I am aware that much damage has been done in the name of ministry by people who are needy—who need to be wanted, liked and loved. But I suspect the damage is done more by people who are unaware of their neediness or deny it. I wonder if more damage has been done by those in ministry when they think that they have no needs! So for today, gratefully I accept that yes, I am David, a man before God who needs to be wanted and loved and I am thankful that God wants me, loves me, has chosen me to be his beloved and has brought many people into my life who walk with me and are courageous enough to love me and walk with me on this faith journey. Thank you God.
Here is a song that seems to express well my heart tonight.
Amazing how suffering and glory run together as I read 1 Peter 5:1-10. Some thoughts that fit well with life right now.
Love the juxtaposition of the words, “witness of the sufferings” and “partaker in the glory.” How closely suffering and glory seem to be related in Scripture–for the Lord Jesus and for me as His follower and as one of the leaders in his church. Shepherding–willingly, not because I have to or should do so, not domineering but being an example, with humility not with pride. Surely there is suffering in the midst of the shepherding–my experience teaches me this and because when my shepherd appears he comes in glory and with glory for me, glory that comes after the suffering. Taking advantage of the suffering, my enemy wants to devour me with discouragement and despair, yet I have one who cares for me in the midst of the struggle and promises me after the suffering, eternal glory will come—He himself will restore, confirm, strengthen, establish–words that give me life, hope and reassurance I am not alone in the battle. Thank you Lord.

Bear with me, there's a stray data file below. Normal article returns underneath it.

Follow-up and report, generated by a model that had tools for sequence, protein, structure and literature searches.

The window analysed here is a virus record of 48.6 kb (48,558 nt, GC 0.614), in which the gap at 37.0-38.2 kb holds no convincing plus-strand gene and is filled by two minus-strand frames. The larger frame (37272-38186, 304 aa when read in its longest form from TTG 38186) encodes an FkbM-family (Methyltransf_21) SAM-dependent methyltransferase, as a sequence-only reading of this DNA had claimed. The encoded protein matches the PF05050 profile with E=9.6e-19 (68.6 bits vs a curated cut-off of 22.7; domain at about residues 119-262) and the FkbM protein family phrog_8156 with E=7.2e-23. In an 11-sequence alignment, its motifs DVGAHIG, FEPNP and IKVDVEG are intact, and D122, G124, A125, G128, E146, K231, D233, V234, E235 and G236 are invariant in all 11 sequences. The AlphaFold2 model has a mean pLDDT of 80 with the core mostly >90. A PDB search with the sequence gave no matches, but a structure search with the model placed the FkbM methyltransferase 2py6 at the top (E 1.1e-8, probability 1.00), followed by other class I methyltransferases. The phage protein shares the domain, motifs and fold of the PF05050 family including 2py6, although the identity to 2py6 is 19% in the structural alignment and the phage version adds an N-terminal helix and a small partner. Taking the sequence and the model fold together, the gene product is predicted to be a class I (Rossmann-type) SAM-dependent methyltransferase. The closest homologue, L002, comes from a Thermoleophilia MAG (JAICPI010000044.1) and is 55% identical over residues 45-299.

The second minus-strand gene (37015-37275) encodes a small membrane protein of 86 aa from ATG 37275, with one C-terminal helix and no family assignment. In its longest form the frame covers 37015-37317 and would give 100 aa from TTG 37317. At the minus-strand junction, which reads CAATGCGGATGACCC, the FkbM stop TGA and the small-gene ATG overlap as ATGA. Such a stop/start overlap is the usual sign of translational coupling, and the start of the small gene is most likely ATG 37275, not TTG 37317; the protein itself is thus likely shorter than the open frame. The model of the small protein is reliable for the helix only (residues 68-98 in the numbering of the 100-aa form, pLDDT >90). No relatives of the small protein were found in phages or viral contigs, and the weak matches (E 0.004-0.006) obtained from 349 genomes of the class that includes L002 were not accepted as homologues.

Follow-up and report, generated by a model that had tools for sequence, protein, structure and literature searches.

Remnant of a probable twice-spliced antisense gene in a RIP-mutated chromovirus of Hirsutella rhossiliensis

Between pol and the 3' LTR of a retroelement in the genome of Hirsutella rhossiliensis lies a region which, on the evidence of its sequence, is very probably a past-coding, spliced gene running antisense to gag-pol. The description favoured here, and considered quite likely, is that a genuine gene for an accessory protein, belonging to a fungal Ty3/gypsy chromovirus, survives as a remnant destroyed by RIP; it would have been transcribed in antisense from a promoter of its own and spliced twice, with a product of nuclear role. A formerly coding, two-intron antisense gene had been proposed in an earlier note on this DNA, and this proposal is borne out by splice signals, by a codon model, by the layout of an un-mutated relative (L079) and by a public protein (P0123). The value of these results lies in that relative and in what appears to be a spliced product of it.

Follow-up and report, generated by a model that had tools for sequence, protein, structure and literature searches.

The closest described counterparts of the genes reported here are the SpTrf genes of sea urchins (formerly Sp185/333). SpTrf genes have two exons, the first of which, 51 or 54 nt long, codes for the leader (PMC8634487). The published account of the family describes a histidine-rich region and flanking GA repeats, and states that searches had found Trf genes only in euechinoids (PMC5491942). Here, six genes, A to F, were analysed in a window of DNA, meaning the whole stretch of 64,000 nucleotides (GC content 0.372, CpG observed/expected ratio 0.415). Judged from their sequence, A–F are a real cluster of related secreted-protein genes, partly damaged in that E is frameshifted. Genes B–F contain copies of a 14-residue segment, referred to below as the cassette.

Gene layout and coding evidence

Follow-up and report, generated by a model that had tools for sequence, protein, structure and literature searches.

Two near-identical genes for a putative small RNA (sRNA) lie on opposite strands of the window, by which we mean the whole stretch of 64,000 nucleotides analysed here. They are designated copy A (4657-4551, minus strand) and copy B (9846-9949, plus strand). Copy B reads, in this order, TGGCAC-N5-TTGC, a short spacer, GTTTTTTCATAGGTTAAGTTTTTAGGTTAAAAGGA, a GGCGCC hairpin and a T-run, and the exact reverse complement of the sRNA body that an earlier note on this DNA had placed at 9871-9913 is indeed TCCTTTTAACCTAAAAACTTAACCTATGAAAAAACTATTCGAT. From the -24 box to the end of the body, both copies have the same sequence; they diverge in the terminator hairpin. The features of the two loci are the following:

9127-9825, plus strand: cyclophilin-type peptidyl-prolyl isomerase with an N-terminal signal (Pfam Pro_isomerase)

- You are sick and in the hospital
- You are sad after facing a disappointment
- You are rejoicing after celebrating a graduation/engagement/acceptance
- You are afraid because of you have been attacked/threatened
What does a ministry of presence in the following job description mean?
“Provide a regular ministry of presence by timely visits to all areas of the field in coordination with respective Ministry Leaders.”
In what way do the following people experience the presence of God?
- Gen 26:3 Abraham “Live in the land”
- Gen 31:3 Jacob “Return to the land”
- Exodus 3:12 Moses Lead the people, I will bring you out
- Joshua 1:5 Joshua “No man shall be able to stand before you
- Judges 6:16 Gideon “Strike the Midianites”
- Others: Exodus 29:45-46; Isaiah 43:2; Heb 13:8; John 1John 14-16
Reflect on the ways God is present with his people in Psalm 46.
What is NOT necessary in a ministry of presence?
What are the barriers to having a ministry of presence?
What is necessary in a ministry of presence?
In what way or area of your life do you need to know the presence of God?
In what way can you offer a ministry of presence to others you serve?
“God’s presence sends us into the heights of joy and sensing his absence is unbearable.” Mike Wilkerson Redemption
For more information you might want to look at this free edition of Brother Lawrence’s classic Practicing the Presence of God